The son of U.S. Army Sgt Merle Jack ''Pug'' Coon and decorator Erma Gay Noakes, Eugene Lee Coon was born in Beatrice Nebraska on January 7, 1924. At four years old, he sang on the radio at WOAW-AM in Omaha. He knew twenty four songs, including one in French and one in German. As his boyhood went on, he was a member of The Gage County, Nebraska 4-H Club and had been a Boy Scout. Later he attended Omaha Technical High School, participating in ROTC and playing in the school band. During this time, he also was teenage newscaster for KWBE-AM in Beatrice. He later moved with his parents and younger brothers, Merle Jack Coon and Bloise Newell Coon, to Glendale, California. Another brother died at ten years old when they still living in Beatrice. His father found work here as a Poultryman and Gene himself transferred to Glendale High.
Coon served stateside in the U.S. Marine Corps for four years from 1942 to 1946. After his return from service, he studied radio communications at Glendale College and performed in a production of Ayn Rand's play "The Night of January 16th" before transferring to The University of Iowa. Coon returned to active duty during the Korean War from 1950 to 1952 after several years as a Reservist. There, he received further training as a war reporter as well as running a pharmacy and building houses. He wrote about many of his experiences in the novels "Meanwhile Back At The Front" and "The Short End of The Stick". Upon his demobilization, Coon found work first as a radio newscaster before turning to free-lance writing under his mentor, Los Angeles Times reporter, Gene Sherman. He also operated a pharmacy at the intersection of Beverly Boulevard and North Ardmore Avenue between 1954 and 1959. Sherman, in fact, covered his pharmacy exploits in Page 2 Cityside column for The L.A. Times. Sherman also allowed Coon to have a guest spot promoting "Meanwhile Back At The Front" in The Farmer's Market column he wrote using the pen name ''Dick Kidson''.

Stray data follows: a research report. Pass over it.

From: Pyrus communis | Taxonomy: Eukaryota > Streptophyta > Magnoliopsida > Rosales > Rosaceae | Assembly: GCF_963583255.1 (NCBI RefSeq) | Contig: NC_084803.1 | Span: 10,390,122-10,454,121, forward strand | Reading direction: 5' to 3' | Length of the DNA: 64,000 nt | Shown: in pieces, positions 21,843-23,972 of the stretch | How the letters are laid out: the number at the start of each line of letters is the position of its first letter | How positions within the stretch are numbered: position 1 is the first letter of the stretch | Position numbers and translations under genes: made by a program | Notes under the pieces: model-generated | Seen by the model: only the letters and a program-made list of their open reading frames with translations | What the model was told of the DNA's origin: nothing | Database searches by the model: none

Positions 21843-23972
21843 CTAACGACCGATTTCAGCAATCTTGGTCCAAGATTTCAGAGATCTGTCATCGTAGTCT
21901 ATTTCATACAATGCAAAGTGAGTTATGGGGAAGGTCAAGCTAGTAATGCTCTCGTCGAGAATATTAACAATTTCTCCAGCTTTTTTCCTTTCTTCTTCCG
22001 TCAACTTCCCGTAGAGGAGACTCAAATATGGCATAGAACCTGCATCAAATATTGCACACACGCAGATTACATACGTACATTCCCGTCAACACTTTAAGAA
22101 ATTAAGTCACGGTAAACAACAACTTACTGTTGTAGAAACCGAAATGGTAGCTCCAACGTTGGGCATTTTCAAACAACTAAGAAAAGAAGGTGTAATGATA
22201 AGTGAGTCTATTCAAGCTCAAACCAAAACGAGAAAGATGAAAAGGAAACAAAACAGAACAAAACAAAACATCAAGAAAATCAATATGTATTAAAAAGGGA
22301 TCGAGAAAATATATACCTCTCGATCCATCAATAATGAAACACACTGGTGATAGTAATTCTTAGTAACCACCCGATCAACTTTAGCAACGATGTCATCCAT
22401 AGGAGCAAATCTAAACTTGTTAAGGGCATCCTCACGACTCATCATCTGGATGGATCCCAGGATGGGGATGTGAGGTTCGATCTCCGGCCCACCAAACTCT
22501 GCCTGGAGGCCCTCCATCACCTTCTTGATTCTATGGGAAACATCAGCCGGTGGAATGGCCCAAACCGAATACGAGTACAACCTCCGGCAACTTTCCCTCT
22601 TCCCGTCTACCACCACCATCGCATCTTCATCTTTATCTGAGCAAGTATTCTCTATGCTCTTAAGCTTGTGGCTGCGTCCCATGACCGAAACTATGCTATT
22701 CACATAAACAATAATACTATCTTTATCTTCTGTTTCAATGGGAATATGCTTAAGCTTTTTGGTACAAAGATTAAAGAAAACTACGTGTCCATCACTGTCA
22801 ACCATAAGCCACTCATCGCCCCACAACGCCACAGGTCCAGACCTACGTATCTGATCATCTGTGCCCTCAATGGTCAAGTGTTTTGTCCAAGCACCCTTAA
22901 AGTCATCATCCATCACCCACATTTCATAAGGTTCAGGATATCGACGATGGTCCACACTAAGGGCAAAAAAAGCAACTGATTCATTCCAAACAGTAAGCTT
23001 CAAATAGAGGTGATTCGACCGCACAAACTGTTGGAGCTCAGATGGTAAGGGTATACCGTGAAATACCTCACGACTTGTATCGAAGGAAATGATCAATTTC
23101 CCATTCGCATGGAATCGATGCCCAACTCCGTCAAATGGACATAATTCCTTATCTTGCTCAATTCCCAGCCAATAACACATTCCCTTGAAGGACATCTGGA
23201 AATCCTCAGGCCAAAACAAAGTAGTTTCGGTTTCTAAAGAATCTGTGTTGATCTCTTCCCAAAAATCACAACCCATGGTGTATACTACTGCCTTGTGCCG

From 1956, Coon was primarily involved in scripting teleplays for popular western and action shows like Dragnet (1951),Wagon Train (1957), Maverick (1957) and Bonanza (1959). At Universal in the early 60's, he turned McHale's Navy (1962) from a one-hour drama into a successful 30-minute sitcom. Together with the writer Les Colodny, Coon floated the idea for The Munsters (1964) as a satirical spin-off from The Donna Reed Show (1958) to MCA chairman Lew Wasserman. The result was yet another hit show.
Often referred to as 'the forgotten Gene' (a reference to Gene Roddenberry), Gene Lee Coon was one of the most important creative minds behind Star Trek: The Original Series (1966). He is credited with inventing the Klingons and had a hand in creating Khan. He developed the interpersonal dynamics between Kirk, Spock and McCoy (in particular, the invariably humorous verbal banter). He established the enlightened image of Starfleeet/The United Federation of Planets and often ended episodes with an anti-war allegory. A robust-looking, heavy-set man possessed of seemingly boundless creative energy, Coon was a prodigious reader and an immensely focused writer of prolific output. It was said, that he authored his novels and teleplays by assuming a state of near self-hypnosis, which he himself called 'automatic writing'. In one instance, he managed to produce the script for the Star Trek episode "The Devil in the Dark" in the course of a single weekend. Either as writer, or line producer, Coon had extensive, often critical input into some of the show's best-loved episodes, including "Arena", "Space Seed", "A Taste of Armageddon" , "The City of the Edge of Forever" (generally regarded as the best of the series), "Mirror, Mirror" and "The Doomsday Machine". Coon also often acted as a 'script doctor', doing uncredited rewrites. He left Star Trek in March 1968, likely the result of personality clashes with members of the cast (in fact, Coon had a reputation for not getting along with actors in general), but continued to write several more episodes under the pseudonym 'Lee Cronin' in order to fulfill his contract with Paramount.
After Star Trek, Coon worked as writer/producer on _"It Takes a Thief" (1968)_, while at the same time founding one of the first 'cartridge TV' video companies, UniTel Associates, with Colodny as executive vice president. He had, by then, also turned turn offers from D.C. Fontana to write for Star Trek: The Animated Series (1973).
A chain smoker of cigarillos for most of his life, the man whom fellow writer/producer Glen A. Larson referred to as 'the spirit and soul of Star Trek', died of lung and throat cancer -- one week after being diagnosed -- in July 1973, aged just 49. Another possible cause of his cancer was radiation from Nevada Bomb Testing Sites he attended with his mentor Gene Sherman and his first wife Joy in the 1950's.
On the weekend of March 2-4, 2018 there was a tribute in his hometown of Beatrice, Nebraska.